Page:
Jack Kirby is an inspiration to many readers and creators artistically but you may not know how his and Joe Simon’s work during the Golden Age inspired one 20th Century priest to serve The Lord all over the world and into the heart of danger itself.
Meet Venerable Father Aloysius “Al” Schwartz whose life and path to sainthood, along with a book about his life, were covered on a recent episode of The Catholic Talk Show.
Author Kevin Wells wrote the book on Fr. Schwartz (or Fr. Al), Priest and Beggar, after researching other saintly priests for another work when he heard the Fr.’s name “kicking around Washington” at a time when not many people – not even in the Church – knew who he was.
Born in 1930 at the height of the Depression into a family of eight children, Schwartz lived in poverty and a bad neighborhood when he “fell in love” with the DC comic Boy Commandos by Kirby and Simon around the age of thirteen.
According to testimony from Wells’ research, Schwartz read issues of Boy Commandos in bed before falling asleep with the comic on his chest and, inspired by the heroism of the characters in the story, he vowed to wed the intrepid adventuring with a zeal he developed early on to find and spread the love of God in the least favorable areas.
The Boy Commandos were an elite team of orphan kids who went on death-defying missions on every front of the Second World War. Under the command of Captain Rip Carter, they entered “Hitlerville” and other similarly named places to fight Nazis and turn the tide when others wouldn’t.
One of Kirby and Simon’s lesser-known works, much like the life of Fr. Al, Boy Commandos lasted in print from 1942 to ’49, starting as a quarterly before going bi-monthly. They also had serial adventures in Detective Comics when the book was still an anthology that were later reprinted for a second series in 1973.
Between the periods of those runs, Fr. Schwartz was beginning his priestly, missionary career. Shunning comfort for the sake of holiness, he volunteered to go to South Korea which was teeming post-war with the stench of burning filth, “lepers in the hills,” and degradation.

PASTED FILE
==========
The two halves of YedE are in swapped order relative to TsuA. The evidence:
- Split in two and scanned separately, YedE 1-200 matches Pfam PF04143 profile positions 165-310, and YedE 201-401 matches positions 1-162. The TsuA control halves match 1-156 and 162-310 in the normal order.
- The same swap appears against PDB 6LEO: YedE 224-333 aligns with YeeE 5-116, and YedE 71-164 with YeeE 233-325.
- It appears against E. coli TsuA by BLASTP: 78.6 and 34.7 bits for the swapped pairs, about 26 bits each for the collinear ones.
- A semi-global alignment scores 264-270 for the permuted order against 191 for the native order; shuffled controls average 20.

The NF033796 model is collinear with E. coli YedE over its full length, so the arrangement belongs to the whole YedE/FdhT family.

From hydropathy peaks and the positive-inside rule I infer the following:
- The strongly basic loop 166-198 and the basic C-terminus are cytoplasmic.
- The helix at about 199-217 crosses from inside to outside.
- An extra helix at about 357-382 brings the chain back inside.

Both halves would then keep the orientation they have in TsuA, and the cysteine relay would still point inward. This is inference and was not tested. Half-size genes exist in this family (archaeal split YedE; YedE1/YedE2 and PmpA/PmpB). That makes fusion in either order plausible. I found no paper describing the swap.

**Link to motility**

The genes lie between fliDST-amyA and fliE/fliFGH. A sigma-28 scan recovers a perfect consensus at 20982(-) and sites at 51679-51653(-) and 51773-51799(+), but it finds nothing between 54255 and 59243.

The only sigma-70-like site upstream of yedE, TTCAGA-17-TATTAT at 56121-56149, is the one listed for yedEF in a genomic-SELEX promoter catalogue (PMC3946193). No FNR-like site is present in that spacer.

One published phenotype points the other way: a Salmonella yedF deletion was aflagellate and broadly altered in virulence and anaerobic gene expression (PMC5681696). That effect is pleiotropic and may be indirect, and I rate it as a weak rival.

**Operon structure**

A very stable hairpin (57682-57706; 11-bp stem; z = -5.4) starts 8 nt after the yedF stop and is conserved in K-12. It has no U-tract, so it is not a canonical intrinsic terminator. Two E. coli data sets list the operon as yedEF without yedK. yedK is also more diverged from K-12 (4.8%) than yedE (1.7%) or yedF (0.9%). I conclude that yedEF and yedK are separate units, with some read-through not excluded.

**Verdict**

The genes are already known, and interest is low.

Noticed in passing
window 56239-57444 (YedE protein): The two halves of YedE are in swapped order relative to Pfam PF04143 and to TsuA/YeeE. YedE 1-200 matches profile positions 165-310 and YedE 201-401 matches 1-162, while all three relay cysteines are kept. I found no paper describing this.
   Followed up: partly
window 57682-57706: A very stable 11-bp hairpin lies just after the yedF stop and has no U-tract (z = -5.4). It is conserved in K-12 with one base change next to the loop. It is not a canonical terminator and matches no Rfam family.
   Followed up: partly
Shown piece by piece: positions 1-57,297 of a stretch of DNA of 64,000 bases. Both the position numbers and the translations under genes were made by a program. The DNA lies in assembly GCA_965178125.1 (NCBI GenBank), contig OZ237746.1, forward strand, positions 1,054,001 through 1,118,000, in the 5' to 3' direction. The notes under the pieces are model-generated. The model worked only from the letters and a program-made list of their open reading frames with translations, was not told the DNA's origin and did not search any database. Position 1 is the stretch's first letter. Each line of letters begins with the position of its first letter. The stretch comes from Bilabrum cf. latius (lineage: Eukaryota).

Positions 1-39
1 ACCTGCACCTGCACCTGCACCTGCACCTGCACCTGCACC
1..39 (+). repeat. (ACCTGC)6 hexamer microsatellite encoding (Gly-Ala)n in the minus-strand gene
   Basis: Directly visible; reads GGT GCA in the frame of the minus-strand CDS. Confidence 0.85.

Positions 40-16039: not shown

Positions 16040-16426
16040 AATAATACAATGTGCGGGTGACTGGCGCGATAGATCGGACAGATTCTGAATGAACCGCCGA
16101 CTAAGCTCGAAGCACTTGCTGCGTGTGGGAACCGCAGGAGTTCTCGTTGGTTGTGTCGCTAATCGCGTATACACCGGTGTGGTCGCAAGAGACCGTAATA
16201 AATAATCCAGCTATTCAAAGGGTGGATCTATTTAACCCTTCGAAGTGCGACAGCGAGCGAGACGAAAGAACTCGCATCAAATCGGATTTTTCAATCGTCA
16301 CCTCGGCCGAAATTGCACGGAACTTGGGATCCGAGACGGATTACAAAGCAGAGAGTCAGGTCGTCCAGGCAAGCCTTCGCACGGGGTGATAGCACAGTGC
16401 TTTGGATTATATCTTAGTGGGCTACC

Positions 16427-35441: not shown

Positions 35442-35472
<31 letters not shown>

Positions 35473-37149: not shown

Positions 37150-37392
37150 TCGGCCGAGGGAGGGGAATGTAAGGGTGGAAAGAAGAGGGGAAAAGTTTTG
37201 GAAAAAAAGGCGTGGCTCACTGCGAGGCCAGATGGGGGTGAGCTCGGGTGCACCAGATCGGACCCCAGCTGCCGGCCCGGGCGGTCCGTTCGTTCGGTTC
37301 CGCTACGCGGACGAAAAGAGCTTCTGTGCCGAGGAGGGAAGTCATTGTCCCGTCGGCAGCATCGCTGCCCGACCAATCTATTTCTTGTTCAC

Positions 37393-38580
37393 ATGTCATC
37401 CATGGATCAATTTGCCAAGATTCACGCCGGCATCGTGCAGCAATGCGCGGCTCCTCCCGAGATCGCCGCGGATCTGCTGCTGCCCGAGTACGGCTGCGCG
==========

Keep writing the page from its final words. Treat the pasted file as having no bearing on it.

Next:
In one instance that sounds like it’s out of a thriller or graphic novel, Schwartz was hounded by a mob boss and a corrupt Bishop 13 years into his service to Korea and its poor. As Wells states in the podcast, Fr. Al cut off money to the Bishop who was embezzling and who then bailed out the mobster from prison before moving on to maligning Aloysius’s reputation to other clergymen across the East and abroad.
Stricken with hepatitis as well, he weathered that storm and went to The Philippines and later Mexico to minister to the poor and orphaned plus those who’d fallen away from the faith, having established multiple religious congregations of ordained sisters and Boys and Girlstowns to educate the young.
The very active priest was recognized throughout his life for his work. Diagnosed with Lou Gehrig’s Disease in 1989, he succumbed to the disorder in 1991. Already a Venerable, he has one step on the path to sainthood or canonization that has to be followed by beatification before he can be canonized by The Vatican.
Wells’ biography on Fr. Schwartz is available now through EWTN’s online store for $17.95.